Friday, December 26, 2014

DMVPN - phase one - OSPF

Today I would like to start with very known and widely spread technology - Dynamic Multipoint Virtual Private Network (DMVPN). It was invented more than 10 years ago. DMVPN is very popular because it allows us to create point-to-point or full mesh secure connections between many hosts. The main problem with point-to-point VPN is its lack of scalability in terms of configuration management with more than few point-to-point tunnels. DMVPN is not one protocol, it is collections of protocols, frameworks: IPsec, multipoint GRE (mGRE), Next Hop Resolution Protocol (NHRP). Let’s look on the below scenario where you can see one hub (for example HQ) and two spokes (branches). You can try to compare it with GET VPN but between them are more differences than similarities. General speaking DMVPN consist of one hub router (it has to have static IP) and many spokes (static IP is not required). From configuration perspective spokes know IP of the hub router but IPs of spokes is not required and it can by dynamic.

In this post I describe OSPF protocol but you need to remember it is not widely used due to area issue (can be only one) and its scalability. More preferable protocols are EIGRP and BGP.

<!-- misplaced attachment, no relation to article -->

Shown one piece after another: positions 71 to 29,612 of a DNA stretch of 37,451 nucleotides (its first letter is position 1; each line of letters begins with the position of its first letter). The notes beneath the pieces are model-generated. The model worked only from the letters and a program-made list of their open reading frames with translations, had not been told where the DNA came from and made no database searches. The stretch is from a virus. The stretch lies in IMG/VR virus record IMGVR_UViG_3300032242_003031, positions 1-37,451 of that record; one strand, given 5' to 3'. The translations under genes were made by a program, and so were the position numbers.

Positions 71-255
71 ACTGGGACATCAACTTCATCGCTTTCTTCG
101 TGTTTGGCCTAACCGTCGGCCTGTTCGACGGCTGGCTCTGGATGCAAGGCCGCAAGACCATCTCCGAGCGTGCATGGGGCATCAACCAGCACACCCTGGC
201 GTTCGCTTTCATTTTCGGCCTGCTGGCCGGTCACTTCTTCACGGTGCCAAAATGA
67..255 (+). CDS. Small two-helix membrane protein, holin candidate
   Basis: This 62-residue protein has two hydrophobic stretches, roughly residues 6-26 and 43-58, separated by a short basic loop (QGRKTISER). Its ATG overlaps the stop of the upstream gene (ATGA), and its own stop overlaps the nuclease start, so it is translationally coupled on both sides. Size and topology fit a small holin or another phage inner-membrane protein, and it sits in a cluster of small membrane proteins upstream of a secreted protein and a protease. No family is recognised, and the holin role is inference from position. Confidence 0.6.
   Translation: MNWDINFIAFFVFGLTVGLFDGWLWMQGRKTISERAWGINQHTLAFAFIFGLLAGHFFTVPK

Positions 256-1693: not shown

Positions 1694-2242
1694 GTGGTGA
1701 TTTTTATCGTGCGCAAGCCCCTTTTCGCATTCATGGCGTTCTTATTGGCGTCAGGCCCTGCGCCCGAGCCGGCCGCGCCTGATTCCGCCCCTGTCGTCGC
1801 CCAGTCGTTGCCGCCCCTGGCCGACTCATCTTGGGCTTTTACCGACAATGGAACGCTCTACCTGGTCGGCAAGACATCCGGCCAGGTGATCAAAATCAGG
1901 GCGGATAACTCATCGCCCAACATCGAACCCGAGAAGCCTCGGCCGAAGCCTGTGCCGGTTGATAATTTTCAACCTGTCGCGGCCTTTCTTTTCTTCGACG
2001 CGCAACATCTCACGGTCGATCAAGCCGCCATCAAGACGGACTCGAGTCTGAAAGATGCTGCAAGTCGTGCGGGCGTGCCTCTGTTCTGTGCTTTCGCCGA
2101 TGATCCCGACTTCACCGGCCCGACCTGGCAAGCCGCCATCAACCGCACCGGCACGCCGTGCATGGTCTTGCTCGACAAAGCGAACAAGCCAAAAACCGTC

dmvpn-1-1.jpg

I put ASA in the middle to better understand what protocols, packets are exchanged between them.
Let’s start to configure basic IP connection and allow ping between all physical interfaces.

R1 (hub):
 
!
interface FastEthernet0/0
 ip address 5.5.5.1 255.255.255.0
 speed auto
 duplex auto
!
interface Loopback0
 ip address 11.11.11.11 255.255.255.0
!
ip route 0.0.0.0 0.0.0.0 5.5.5.2
!

R2 (spoke1):
 
!
interface FastEthernet0/0
 ip address 6.6.6.1 255.255.255.0
 speed auto
 duplex auto
!
interface Loopback0
 ip address 22.22.22.22 255.255.255.0
!
ip route 0.0.0.0 0.0.0.0 6.6.6.2
!

R3 (spoke2):
 
!
interface FastEthernet0/0
 ip address 7.7.7.1 255.255.255.0
 speed auto
 duplex auto
!
interface Loopback0
 ip address 33.33.33.33 255.255.255.0
!
ip route 0.0.0.0 0.0.0.0 7.7.7.2

ASA:
 
!
interface GigabitEthernet0
 nameif hub
 security-level 100
 ip address 5.5.5.2 255.255.255.0
!
interface GigabitEthernet1
 nameif spoke1
 security-level 70
 ip address 6.6.6.2 255.255.255.0
!
interface GigabitEthernet2
 nameif spoke2
 security-level 50
 ip address 7.7.7.2 255.255.255.0
!
fixup protocol icmp
!

Now we can test it. The R1 can ping both spokes without any rule on ASA because it has the highest security level:
 
R1#ping 6.6.6.1
Type escape sequence to abort.
Sending 5, 100-byte ICMP Echos to 6.6.6.1, timeout is 2 seconds:
!!!!!
Success rate is 100 percent (5/5), round-trip min/avg/max = 32/63/132 ms
R1#ping 7.7.7.1
Type escape sequence to abort.
Sending 5, 100-byte ICMP Echos to 7.7.7.1, timeout is 2 seconds:
!!!!!
Success rate is 100 percent (5/5), round-trip min/avg/max = 32/60/76 ms
R1#

The R2 can’t ping the hub but can spoke2 (security level):
 
R2#ping 5.5.5.1
Type escape sequence to abort.
Sending 5, 100-byte ICMP Echos to 5.5.5.1, timeout is 2 seconds:
.....
Success rate is 0 percent (0/5)
R2#
R2#
R2#
R2#ping 7.7.7.1
Type escape sequence to abort.
Sending 5, 100-byte ICMP Echos to 7.7.7.1, timeout is 2 seconds:
!!!!!
Success rate is 100 percent (5/5), round-trip min/avg/max = 24/46/56 ms